By: Dr. Steven Swaim

There are Christian veterinary professionals and students who for a variety of reasons cannot participate in short or long-term missions. I happen to be one of those veterinarians. Upon graduating from Kansas State University’s College of Veterinary Medicine I practiced for nine months. I then served in the U.S. Army’s Veterinary Corps for 2 years, and then practiced again for one year. After all of that, I decided to return to academia. The return involved getting a M.S. degree in small animal surgery and medicine followed by teaching and doing research for 38 years at Auburn University’s College of Veterinary Medicine.

During those 38 years my Christian activities included teaching a Sunday school class, directing the men and boy’s ministry program, serving as deacon, and attendance at Christian Veterinary Fellowship meeting at the college. 

But then at 54 years of age, I began to notice motor neurologic difficulties in my legs. After a neurologic work up, the neurologist diagnosed me as having Charcot-Marie-Tooth’s Disease – a progressive familial distal limb peripheral neuropathy.

I later retired from Auburn University, but wanted to continue my work for the Lord. I still had a strong interest in veterinary medicine so what better way to serve than be involved in Christian Veterinary Mission? However, with my progressing neurologic motor deficit in my legs, I could be a danger to myself and others in working with livestock on a mission trip. Thus, the question became, ”How can I help?”  After thinking and praying about it, the Lord revealed some answers to me. He had given me gifts, talents, and abilities that I could use to support CVM.

During my veterinary student days, army days, and practice days, God had developed within me a strong interest in small animal surgery.  This was reinforced in my teaching days when I was involved in doing neurosurgery, wound management and reconstructive surgery.

In my early retirement days, my wife learned about a wood carving club and encouraged me to join, which I did. Again, God instilled in me an interest and ability.  The result has been carving caricatures of animals and people (mainly veterinarians) in veterinary-oriented cartoon situations. These, along with carved wall hanging plaques of the veterinary staff of Asclepius and college emblems are given to Christian Veterinary Fellowship groups at Kansas State University, Auburn University and University of Nebraska.  The students auction/raffle them to make money for mission projects.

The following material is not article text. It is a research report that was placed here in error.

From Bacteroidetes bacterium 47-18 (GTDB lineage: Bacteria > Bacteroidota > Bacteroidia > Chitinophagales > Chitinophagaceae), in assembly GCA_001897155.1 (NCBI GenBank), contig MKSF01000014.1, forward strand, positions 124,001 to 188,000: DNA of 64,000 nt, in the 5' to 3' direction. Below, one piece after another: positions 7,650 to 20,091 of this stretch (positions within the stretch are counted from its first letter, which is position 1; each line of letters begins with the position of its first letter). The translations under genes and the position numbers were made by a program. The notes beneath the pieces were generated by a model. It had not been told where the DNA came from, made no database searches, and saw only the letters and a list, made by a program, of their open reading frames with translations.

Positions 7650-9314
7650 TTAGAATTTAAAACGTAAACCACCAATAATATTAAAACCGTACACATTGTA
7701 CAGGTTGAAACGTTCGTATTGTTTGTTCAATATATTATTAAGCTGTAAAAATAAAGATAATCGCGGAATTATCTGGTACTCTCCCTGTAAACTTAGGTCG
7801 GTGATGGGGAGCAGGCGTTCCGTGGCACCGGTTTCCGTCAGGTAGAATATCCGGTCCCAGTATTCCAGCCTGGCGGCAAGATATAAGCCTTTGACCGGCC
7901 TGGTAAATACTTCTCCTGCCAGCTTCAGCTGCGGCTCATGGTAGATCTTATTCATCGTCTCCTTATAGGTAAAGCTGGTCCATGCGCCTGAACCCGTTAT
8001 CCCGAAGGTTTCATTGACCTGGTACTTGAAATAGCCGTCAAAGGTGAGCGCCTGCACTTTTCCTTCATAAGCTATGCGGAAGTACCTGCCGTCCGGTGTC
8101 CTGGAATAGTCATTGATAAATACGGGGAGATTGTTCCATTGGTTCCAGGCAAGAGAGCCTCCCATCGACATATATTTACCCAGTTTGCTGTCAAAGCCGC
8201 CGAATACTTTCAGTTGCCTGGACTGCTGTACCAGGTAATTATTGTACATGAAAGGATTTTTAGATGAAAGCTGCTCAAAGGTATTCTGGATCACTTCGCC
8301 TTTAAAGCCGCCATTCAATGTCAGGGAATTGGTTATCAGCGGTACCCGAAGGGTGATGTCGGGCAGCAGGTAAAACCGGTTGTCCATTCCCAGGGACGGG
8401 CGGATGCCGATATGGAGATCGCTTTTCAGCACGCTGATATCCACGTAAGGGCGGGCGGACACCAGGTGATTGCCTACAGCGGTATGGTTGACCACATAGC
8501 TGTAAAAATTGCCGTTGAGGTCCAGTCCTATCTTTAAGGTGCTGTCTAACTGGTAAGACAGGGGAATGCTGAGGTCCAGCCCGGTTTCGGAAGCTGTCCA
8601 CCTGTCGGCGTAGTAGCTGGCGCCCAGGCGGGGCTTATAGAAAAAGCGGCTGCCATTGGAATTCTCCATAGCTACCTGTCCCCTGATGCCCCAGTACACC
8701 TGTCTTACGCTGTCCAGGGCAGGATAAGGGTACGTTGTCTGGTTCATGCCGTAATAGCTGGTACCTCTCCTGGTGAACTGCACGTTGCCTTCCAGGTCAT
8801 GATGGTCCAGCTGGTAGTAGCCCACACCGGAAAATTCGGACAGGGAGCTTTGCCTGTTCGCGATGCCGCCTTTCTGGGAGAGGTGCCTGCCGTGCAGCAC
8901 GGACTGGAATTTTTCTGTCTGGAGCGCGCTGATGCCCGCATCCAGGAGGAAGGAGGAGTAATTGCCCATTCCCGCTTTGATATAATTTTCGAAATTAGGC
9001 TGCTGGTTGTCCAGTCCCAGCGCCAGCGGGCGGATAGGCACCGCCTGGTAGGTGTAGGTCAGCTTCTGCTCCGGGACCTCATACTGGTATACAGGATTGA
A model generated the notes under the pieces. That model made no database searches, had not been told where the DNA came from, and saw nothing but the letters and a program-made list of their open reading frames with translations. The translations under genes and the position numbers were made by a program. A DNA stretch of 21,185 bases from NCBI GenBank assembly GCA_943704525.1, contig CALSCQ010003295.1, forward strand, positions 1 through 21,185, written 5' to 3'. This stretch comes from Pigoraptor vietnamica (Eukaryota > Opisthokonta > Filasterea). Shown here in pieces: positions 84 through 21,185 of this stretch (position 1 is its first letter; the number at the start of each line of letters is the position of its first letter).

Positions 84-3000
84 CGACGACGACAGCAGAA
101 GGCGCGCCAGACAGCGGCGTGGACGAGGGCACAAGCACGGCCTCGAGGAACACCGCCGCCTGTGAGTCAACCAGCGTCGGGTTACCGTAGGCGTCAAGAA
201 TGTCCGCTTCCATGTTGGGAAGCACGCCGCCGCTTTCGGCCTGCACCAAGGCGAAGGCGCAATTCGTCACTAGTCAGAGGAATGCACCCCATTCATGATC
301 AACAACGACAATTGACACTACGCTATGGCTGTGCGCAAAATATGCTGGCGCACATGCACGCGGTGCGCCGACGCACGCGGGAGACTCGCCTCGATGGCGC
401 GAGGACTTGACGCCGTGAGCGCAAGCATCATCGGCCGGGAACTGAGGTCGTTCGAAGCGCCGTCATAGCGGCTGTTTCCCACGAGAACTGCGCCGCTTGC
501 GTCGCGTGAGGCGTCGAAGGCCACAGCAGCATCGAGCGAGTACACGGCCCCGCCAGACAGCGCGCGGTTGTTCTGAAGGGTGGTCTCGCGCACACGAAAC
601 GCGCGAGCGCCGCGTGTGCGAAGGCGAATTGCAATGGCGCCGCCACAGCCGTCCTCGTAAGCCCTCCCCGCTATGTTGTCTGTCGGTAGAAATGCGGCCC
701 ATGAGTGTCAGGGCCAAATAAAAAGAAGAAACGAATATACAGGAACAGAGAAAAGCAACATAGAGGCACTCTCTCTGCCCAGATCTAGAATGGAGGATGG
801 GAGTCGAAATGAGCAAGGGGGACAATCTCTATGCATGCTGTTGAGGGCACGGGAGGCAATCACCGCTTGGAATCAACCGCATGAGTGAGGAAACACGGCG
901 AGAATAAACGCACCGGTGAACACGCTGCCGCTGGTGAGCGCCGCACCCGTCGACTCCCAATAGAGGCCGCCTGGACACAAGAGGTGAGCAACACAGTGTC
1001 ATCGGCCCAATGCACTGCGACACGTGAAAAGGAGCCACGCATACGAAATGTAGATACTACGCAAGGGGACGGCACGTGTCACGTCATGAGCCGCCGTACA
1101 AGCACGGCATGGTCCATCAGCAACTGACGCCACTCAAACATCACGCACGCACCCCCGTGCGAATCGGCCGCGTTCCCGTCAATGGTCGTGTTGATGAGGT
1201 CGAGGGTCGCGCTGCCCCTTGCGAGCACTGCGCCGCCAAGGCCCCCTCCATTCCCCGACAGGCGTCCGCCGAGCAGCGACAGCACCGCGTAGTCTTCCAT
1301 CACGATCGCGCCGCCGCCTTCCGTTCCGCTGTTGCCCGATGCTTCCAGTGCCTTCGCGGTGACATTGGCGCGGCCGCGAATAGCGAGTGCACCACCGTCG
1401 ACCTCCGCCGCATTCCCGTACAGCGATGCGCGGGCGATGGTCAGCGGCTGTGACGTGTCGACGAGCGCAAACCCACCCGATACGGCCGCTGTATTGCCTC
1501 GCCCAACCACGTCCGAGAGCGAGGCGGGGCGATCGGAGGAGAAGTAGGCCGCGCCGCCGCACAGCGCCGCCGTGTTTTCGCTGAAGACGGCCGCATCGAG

Another way I support CVM is through writing. Royalties and sales income from two kinds of books are sent to the organization, designated for the Student Outreach Ministry (e.g. Real Life Real Impact).  Since retiring, two surgery textbooks have been published. In addition, a “fun” book has been published – humorous and human interest short stories of veterinary-oriented events during my career. Sales income from a second “fun” book, which is not veterinary- oriented , also go to CVM.

My 38 years of teaching at Auburn ‘s College of Veterinary Medicine, put me at ease in giving oral presentations and lectures to students. Thus, I have given presentations at Real Life Real Impact conferences over the years. Presentations to regular meetings of Christian Veterinary Fellowship groups at Auburn, Kansas State, and Oklahoma State have also been given. My main topic has been, “Finding God’s Plan For Yourself” – a topic of interest to students preparing to enter the profession.

In 2014 Dr. John Nelson, the Kansas Christian Veterinary Mission state representative, and I felt lead to develop a Christian Veterinary Mission group of veterinarians and veterinary technicians in south central Kansas.  At present the group consists of 7 veterinarians that regularly attend our monthly meetings.  The meetings consist of a meeting at a restaurant in Derby, Kansas.  Over a meal, those present enjoy fellowship and share prayer requests.  Following the meeting, a list of prayer requests and praises is distributed to the members for that month.

Do you have gifts, talents, and abilities that you could use in place of or in addition to going on mission trips that you could use to support Christian Veterinary Mission work?

Check out CVM’s webpage and see how you might use those gifts, talents and abilities.


2 thoughts on “How Can I Help?

  • Dr Swaim! It was so great to read your story. I had you at Auburn- class of 2003, now I am serving with CVM in Zambia. I can testify you were a great witness to students during my years there.
    -Paul Evans

  • Dr. Swaim-So interesting your path in veterinary medicine. After my active duty time, I was in the reserves for another 13 years before practice and management required me to step down. I, too, have written several books and the one that is a publisher presently is about the former high schools of my home state Kansas. I have written about
    Geuda Springs in this book. I would be interested in your CVM activities.
    Wayne Grover is my brother in law. James Kenyon

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